Homi Jehangir Bhabha

Homi Jehangir Bhabha


      Bhabha was a great scientist and an equally great institution builder.Religion He played a decisive role in putting India on the atomic energy map ofthe world.   
         Homi Jehangir Bhabha was born in Bombay on 10 October 1909,in a Parsi family. His father, Jehangir Hormusji Bhabha, hadbeen educated at Oxford and later qualified as a lawyer. On his returningto India, he joined the judicial service in Mysore. But after his marriage to Meherbai Framji Panday (granddaughter of Sir Dinshaw Maneckji Petit), he moved to Bombay, where he was associated with the Tata industrial house. The Bhabha family came close to the Tata family when Jehangir Hormusji’s sister Meherbai married Sir Dorab Tata, son of jamshedji Tata. The Tata connection proved very useful to Homi Bhabha in his later life.
Homi Jehangir Bhabha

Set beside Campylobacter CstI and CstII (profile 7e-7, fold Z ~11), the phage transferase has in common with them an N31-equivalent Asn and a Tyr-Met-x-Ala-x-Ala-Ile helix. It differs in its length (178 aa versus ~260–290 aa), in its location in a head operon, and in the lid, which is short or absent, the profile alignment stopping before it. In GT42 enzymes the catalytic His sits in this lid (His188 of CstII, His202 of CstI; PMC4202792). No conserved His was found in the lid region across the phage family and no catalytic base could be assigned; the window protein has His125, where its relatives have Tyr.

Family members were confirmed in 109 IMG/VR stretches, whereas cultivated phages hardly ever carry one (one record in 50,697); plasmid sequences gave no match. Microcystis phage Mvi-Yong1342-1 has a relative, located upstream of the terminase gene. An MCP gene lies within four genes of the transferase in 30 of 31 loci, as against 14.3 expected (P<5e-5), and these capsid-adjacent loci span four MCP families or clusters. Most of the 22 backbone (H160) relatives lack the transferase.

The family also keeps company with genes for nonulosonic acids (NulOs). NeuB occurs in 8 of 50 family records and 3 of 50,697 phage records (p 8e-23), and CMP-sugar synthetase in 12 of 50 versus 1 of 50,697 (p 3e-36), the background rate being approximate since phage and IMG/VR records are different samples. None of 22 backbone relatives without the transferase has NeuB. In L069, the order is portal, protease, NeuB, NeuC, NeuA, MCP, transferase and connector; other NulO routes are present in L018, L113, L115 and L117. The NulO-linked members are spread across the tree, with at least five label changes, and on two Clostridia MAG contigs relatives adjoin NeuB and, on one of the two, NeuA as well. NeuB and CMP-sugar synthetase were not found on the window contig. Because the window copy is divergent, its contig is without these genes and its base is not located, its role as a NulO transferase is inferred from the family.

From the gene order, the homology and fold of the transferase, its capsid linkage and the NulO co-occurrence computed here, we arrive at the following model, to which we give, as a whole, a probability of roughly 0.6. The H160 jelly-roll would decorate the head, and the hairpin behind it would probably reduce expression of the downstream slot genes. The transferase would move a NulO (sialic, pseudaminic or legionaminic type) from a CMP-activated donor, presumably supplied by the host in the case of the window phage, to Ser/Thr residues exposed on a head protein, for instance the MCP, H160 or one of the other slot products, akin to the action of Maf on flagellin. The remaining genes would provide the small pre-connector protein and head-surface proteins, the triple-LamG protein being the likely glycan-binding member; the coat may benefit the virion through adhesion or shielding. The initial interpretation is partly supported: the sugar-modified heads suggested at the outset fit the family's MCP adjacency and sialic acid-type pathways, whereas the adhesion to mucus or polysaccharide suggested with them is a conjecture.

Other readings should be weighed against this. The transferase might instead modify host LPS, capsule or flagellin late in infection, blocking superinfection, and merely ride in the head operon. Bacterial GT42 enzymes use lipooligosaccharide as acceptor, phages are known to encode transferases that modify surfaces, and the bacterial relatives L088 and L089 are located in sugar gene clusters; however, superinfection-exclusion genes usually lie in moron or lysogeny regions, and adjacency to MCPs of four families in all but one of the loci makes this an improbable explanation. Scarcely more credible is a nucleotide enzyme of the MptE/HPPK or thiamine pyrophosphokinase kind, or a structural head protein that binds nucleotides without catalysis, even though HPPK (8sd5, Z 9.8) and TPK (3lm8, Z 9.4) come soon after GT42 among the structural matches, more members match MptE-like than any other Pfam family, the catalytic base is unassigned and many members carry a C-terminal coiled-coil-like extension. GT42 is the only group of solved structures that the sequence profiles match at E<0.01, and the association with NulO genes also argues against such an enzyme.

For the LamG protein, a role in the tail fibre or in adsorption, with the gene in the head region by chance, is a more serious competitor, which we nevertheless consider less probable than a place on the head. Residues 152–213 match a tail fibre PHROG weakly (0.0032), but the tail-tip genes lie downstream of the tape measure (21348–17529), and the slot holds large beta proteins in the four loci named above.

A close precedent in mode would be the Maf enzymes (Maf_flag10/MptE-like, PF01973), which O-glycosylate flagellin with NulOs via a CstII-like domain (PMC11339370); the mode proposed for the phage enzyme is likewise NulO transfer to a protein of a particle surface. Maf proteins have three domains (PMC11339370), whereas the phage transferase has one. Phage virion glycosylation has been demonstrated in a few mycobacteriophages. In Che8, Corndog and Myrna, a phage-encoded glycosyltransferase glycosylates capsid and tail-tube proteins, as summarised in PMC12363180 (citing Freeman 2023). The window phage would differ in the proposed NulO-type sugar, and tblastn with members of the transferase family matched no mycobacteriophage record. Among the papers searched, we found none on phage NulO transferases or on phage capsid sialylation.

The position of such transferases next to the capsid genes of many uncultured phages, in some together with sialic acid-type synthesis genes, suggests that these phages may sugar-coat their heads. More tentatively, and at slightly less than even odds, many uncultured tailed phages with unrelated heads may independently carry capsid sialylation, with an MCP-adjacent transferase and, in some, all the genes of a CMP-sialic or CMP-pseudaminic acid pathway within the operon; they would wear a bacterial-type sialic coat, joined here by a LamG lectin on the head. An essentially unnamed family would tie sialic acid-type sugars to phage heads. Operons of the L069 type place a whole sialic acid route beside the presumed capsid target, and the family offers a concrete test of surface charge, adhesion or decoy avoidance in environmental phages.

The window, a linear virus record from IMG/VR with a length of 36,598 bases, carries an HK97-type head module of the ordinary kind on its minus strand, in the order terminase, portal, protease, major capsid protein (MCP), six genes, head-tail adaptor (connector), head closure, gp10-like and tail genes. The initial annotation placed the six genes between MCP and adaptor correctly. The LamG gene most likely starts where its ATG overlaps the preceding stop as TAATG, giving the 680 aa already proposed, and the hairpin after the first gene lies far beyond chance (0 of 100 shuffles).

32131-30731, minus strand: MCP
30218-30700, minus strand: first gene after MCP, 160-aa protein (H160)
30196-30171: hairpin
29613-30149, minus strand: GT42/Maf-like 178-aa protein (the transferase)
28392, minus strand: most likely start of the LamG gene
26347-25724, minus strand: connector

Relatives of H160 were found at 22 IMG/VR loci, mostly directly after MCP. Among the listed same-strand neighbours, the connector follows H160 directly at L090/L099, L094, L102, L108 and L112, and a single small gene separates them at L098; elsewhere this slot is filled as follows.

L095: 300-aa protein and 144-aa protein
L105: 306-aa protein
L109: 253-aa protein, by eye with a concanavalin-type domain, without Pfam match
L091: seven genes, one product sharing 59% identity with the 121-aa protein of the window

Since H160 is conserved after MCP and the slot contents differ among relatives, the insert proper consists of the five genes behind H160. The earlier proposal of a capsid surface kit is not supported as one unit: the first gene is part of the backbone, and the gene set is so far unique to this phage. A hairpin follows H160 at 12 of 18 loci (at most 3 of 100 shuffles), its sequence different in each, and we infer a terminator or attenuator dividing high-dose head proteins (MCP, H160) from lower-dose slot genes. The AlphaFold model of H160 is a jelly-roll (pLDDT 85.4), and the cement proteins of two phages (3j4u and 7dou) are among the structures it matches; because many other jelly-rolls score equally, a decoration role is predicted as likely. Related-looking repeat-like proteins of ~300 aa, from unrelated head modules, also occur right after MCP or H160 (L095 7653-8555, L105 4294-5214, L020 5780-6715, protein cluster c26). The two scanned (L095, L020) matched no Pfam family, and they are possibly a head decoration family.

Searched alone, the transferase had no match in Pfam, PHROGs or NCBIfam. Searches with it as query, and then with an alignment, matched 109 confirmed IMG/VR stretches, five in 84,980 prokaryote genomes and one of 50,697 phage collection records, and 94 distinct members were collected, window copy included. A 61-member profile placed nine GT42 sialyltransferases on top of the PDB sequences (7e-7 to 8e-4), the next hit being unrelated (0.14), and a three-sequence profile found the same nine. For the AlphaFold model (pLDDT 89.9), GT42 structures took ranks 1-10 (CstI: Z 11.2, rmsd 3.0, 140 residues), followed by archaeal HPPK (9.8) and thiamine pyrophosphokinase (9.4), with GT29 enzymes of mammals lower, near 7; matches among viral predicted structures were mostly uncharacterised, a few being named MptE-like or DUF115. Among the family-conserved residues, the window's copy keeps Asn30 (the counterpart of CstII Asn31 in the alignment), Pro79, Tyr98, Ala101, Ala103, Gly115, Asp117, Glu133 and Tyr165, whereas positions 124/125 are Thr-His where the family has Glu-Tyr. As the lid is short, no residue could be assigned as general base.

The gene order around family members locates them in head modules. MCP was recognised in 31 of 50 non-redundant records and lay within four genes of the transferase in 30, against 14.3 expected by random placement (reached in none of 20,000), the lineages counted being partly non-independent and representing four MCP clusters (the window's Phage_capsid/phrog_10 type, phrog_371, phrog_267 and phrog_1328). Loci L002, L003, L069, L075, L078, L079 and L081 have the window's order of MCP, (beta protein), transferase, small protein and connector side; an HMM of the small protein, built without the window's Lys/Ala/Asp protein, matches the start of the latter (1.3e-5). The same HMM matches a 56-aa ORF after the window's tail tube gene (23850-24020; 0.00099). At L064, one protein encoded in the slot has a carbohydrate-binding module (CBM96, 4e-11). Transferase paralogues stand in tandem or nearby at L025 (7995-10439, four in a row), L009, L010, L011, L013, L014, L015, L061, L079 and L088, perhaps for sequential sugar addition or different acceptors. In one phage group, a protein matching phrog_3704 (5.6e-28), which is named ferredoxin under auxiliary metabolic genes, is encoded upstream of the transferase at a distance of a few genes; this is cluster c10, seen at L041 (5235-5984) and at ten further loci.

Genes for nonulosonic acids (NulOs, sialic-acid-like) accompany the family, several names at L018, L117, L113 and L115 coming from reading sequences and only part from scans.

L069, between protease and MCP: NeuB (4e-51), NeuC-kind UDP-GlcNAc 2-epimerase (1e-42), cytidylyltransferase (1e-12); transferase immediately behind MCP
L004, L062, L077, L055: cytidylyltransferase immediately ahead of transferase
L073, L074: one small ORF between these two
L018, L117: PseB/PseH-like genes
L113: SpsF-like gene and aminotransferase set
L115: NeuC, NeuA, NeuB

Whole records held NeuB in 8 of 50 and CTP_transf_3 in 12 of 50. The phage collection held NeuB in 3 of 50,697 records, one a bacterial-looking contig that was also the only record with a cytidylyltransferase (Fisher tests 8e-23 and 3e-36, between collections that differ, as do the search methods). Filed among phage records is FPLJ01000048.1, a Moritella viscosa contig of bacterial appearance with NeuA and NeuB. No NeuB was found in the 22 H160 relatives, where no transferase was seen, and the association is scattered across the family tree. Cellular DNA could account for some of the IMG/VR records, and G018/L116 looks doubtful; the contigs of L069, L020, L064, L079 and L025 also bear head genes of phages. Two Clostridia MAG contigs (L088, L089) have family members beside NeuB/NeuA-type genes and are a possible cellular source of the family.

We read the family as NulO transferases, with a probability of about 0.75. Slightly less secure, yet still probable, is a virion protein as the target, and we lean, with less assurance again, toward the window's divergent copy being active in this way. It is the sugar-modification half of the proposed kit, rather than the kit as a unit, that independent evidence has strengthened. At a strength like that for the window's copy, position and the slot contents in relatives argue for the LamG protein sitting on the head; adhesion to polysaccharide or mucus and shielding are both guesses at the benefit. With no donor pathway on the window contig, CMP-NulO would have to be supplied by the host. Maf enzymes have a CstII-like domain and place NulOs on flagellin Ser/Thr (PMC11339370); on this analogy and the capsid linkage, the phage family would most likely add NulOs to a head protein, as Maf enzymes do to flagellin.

Homi started his education at the Cathedral and john Cannon HighSchool in Bombay, from where he passed the Senior Cambridge examination with honours. Later, he joined Elphinstone College and subsequently, the Royal Institute of Science, Bombay. Homi was notreally interested in sports, though he did take part in rowing and playedtennis while studying at Cambridge. From the very beginning, he was inclined academically and won several prizes in school as Well as in college. He supplemented his formal education by reading a wide variety of books on art, music, literature and science, which were available in the personal collections of his grandfather and father. At an early age, he developed a great interest in science and his parents bought hundreds of books on science to satisfy their son’s urge for scientific study. It is said that by the age of sixteen, Homi Bhabha had studied and understood the special theory of relativity. Homi had not even completed his eighteenth year when his parents decided to send him to England for higher studies. Bhabha joined the Gonville and Caius College, Cambridge in 1927, courtesy Dorab Tata, who had studied in the same college and had created a trust by donating twenty-five thousand pounds to the college. Homi studied engineering, conceding to the wishes of his father, and obtained a first class in the Mechanical Science Tripos in June 1930. After that he worked as a research student in theoretical physics, the subject which was more to his liking. After completing the Mathematics Tripos, Bhabha won the Rouse Ball Travelling Fellowship in 1932, which enabled him to travel to other places and work there. Thus he was able to work with some of the leading physicists in Europe: Wolfgang Pauli in Zurich and Fermi in Rome. His own research work had come to the notice of the scientistsand as a result he was awarded the Isaac Newton Studentship, which he held for three years. He worked mainly at Cambridge with a short spell in Bohr’s Institute. Copenhagen. By 1935, Bhabha had completed the requirements for the Ph.D. degree in 1937; he was awarded the Exhibition Scholarship, which enabled him to continue his research work at Cambridge.